Then while washing dishes, I saw the birds on the slope of the hill where some native grasses were not completely covered with snow. Again they were feasting. I put out two handfuls (daily) of sunflower seed. The migrating sparrows ate from our supplies. They were close enough to identify from the cabin. After the sparrows left the chickadee and nut thrash flew in to enjoy a feast too. By the way I need a bird book out here and I think binoculars would be a great aid too. Even squirrels get along with the small birds and no one was greedy as they all enjoyed a fresh supply of sunflower seeds.
I could hardly wait to go out snowshoeing later in the morning. As I started through the old field I noticed all the plants were covered with a coating of magical snow dusting. Each and every one glistened. Even the trees looked like they were kissed with hoarfrost. The sun hit the branches and they twinkled like stars. As I walked across the field on my snowshoes the snow sparkled in the sunlight. This is my favorite time of snow time when the snow and every living plant glistens.
I saw the large boulder yesterday.
It was at least three moraines back from the road. I was anxious to see the boulder and learn if it was on my land. This is a new interesting leap in faith. As soon as I ascended the hill, I saw that indeed it was on the property that is for sale.
Oak leaves on an old growth oak tree started to sing as I neared grandfather boulder. I felt the tree was happy I was there. I know I was.
I noticed that a deer or some other creature scrapped the snow from the boulder and had eaten some of the moss.
I wish I had a moss book so I could identify the moss. Is it too a medicinal? Animals are smart. They know what to eat.
There was a white birch growing nearby and I rubbed my glove over the bark and applied the powder to my face. The powder contains a sunblock equivalent to synthetic sunscreen.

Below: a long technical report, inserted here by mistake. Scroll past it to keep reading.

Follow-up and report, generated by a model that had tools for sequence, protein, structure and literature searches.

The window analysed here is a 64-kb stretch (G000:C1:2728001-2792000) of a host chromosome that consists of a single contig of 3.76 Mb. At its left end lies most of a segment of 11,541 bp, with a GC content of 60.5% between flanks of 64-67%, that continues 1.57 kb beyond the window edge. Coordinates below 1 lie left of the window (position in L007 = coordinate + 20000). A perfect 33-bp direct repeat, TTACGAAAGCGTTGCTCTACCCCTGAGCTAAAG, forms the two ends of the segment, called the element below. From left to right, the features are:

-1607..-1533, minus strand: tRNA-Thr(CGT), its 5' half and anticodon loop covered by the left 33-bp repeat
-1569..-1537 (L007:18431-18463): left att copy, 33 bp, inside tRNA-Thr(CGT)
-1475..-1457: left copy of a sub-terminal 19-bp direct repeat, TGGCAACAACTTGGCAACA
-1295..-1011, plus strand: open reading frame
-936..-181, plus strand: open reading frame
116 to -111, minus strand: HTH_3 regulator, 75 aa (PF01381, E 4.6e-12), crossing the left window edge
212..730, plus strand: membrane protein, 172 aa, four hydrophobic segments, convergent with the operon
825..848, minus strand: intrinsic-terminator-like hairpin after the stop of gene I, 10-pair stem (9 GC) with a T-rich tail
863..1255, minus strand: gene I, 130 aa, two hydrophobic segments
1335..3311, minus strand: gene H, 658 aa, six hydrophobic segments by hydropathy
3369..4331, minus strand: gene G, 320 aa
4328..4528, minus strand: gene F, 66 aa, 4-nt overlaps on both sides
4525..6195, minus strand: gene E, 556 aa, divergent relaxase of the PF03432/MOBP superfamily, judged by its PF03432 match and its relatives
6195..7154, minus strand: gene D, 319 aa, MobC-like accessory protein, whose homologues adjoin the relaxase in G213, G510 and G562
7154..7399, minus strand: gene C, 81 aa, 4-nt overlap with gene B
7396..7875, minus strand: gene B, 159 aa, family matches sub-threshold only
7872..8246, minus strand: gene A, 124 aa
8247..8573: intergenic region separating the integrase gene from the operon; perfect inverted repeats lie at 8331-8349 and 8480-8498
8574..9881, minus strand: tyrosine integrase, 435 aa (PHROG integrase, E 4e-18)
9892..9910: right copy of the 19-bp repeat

My elder Ojibwe friend Soaring Woman told me, “Let nature teach you.” Believe me, nature is the best teacher. I decided to wander back beyond the moraine and see what was out there. In a flat area I found where the deer had slept last night under the moonlight. The ground was flattened out. Oak leaves abounded on the surface and the deer bedded down on them.
The plants changed to goldenrod, river birch, and what looks like some kind of bramble. Again I won’t know till spring. There is something calling me to this land. My father owned a gentleman’s farm in Upper New York State, which I loved. It was 17 acres. I can feel my father laughing and I am happy on this land in Wisconsin. It reminds me of our own family land back east which is long gone to an outsider. The farm had rolling hills and a wooded forest. This is 15 acres and somehow it feels very familiar to me.
I hinted to my husband how I felt about the land and my memories of the farm back east. As we drove to the cabin he said, “The land is for sale.” I said yes as I bide him goodbye. First things first. I need to talk with a forest man in spring and have him walk the land with me and let me know what he thinks about the standing timber. It may turn out to be an investment in years to come.